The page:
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See the old Kosciuszko Bridge come down in a controlled explosion

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Say goodbye to the old Kosciuszko Bridge

The old and new Kosciuszko Bridge spans, pre-demolition.
Max Touhey

And just like that, the old Kosciuszko Bridge is gone.

Earlier this morning, Governor Andrew Cuomo, along with city and state officials, finally commenced with the demolition of the steel truss bridge that’s connected Brooklyn and Queens since 1939. A few lucky New Yorkers were also able to see the implosion up close, thanks to a lottery held by the Governor’s office.

“The Kosciuszko Bridge had to be replaced,” Cuomo said before the implosion. “I think there’s been traffic on that bridge and a bottleneck since the day it was built.”

The old, derided Kosciuszko Bridge has been slated for demolition for years, and its main span was removed earlier this year—in much less exciting fashion, by dismantling it and lowering it onto a barge on the Newtown Creek.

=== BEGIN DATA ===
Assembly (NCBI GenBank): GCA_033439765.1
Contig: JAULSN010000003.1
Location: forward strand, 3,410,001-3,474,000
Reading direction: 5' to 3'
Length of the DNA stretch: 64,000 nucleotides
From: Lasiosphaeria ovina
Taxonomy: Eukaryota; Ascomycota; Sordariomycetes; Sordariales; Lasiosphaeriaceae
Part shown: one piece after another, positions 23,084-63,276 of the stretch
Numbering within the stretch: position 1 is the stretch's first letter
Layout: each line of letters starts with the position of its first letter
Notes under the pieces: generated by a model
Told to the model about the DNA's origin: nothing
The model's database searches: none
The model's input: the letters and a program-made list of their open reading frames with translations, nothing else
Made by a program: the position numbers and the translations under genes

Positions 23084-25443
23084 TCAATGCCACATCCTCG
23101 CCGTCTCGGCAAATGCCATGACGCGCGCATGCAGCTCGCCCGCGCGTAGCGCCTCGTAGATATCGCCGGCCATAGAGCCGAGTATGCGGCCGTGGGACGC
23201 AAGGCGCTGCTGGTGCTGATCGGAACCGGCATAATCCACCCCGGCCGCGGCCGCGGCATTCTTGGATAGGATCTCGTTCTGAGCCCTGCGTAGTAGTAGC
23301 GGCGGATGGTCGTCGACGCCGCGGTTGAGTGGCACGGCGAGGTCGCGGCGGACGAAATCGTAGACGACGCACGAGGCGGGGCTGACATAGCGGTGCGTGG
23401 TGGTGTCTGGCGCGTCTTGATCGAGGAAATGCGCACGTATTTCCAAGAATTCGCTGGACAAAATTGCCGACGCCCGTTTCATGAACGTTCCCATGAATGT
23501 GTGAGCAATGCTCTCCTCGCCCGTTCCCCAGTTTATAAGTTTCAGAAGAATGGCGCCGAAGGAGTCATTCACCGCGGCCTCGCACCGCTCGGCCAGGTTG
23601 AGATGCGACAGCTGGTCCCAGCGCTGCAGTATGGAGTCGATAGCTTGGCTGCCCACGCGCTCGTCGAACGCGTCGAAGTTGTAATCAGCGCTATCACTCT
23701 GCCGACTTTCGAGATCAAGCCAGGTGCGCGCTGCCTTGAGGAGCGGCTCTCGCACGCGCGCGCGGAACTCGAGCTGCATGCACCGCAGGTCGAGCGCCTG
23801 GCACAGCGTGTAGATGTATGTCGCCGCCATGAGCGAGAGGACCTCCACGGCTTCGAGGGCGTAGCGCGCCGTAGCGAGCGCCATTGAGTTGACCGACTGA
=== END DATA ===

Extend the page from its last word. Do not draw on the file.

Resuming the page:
Today’s event was technically called an “energetic felling”—not an explosion, and not an implosion, as Cuomo noted in remarks (making fun of the term) before the bridge came down. The two ends of the bridge, in Brooklyn and Queens, were taken down using 900 explosions, with the steel that once eventually be scrapped and recycled.

The first of two new spans of the Kosciuszko Bridge opened this spring, with Cuomo inaugurating it by riding a 1932 Packard that was owned by President Franklin Delano Roosevelt across its span. It currently carries traffic both ways, and will continue to do so until the second span—due to serve Brooklyn-bound traffic—is completed in 2020.

But we know what you’re here for: the explosion. The Governor’s office captured drone footage of the big bang, which you can see below: